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The Strathprints institutional repository is a digital archive of University of Strathclyde research outputs.

Strathprints serves world leading Open Access research by the University of Strathclyde, including research by the Strathclyde Institute of Pharmacy and Biomedical Sciences (SIPBS), where research centres such as the Industrial Biotechnology Innovation Centre (IBioIC), the Cancer Research UK Formulation Unit, SeaBioTech and the Centre for Biophotonics are based.

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Does community pharmacy offer women family-friendly working conditions and equal opportunities? The accounts of female community pharmacists over the age of 30

Gidman, Wendy (2007) Does community pharmacy offer women family-friendly working conditions and equal opportunities? The accounts of female community pharmacists over the age of 30. International Journal of Pharmacy Practice, 15 (1). pp. 53-59. ISSN 0961-7671

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Abstract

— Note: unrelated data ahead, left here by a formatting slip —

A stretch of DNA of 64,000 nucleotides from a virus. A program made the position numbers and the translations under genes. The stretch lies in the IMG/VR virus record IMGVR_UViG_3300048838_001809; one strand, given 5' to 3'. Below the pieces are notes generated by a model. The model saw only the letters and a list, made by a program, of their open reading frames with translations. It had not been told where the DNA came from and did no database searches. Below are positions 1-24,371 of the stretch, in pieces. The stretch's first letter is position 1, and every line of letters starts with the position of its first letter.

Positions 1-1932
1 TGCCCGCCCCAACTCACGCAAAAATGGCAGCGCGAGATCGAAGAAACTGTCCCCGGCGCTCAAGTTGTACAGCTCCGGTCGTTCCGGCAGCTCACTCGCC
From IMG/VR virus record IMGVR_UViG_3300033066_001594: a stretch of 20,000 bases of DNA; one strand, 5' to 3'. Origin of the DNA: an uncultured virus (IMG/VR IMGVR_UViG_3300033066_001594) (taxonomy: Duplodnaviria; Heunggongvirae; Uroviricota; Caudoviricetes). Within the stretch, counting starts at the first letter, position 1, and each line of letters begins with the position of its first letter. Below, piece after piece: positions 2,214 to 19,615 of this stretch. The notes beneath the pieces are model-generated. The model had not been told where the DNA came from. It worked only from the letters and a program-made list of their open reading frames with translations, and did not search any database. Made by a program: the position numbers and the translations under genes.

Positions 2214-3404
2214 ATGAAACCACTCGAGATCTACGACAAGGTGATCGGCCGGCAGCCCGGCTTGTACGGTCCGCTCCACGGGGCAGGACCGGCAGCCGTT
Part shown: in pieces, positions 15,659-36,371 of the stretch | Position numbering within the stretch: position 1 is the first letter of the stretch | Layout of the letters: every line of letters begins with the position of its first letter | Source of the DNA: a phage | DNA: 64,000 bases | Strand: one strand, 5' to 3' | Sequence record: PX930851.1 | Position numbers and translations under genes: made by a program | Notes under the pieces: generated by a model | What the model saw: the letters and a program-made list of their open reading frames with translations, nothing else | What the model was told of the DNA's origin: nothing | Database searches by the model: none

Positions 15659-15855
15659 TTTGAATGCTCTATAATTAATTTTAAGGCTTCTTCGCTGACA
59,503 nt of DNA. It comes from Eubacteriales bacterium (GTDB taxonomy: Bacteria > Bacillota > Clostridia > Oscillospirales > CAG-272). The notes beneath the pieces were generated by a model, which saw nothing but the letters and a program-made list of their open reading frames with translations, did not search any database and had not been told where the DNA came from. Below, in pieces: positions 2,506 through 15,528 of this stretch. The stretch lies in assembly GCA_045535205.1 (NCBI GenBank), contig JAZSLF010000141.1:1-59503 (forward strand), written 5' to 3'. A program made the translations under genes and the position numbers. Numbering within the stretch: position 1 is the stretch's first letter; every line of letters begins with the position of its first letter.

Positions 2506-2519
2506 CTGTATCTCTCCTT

Objective The sex mix of the pharmacy workforce has altered significantly over the last 60 years such that in 2005 54% of the practising pharmacy workforce was female. After the age of 30 years, part-time working is common and it is often assumed that pharmacy working attracts and suits women because it is flexible and family friendly. This paper aims to explore to what extent that is true. Setting This study was based in the North West of England. Method Face-to-face interviews (n=30) were conducted with women over the age of 30 years who worked as community pharmacists. The interview schedule was designed to explore: interviewees' motivation for choosing pharmacy; employment history; motivation for choosing a particular pattern of working; views of recent changes in pharmacy; and future career plans. Key findings In line with previous studies this sample of female community pharmacists adopted heterogenous work patterns, and personal and extrinsic structural factors were found to influence work patterns. Importantly, there was evidence of a lack of family-friendly practices, with antisocial hours, difficulties accommodating annual leave, and the restrictive legislative framework that necessitates that a pharmacist is always present in a store, all affecting work patterns. Conclusion Our study, in contrast to other studies, suggests that for about half of the women interviewed, community pharmacy working was difficult to combine with family commitments. This finding has implications for employers and workforce planners because an increasing proportion of the community pharmacy workforce is female.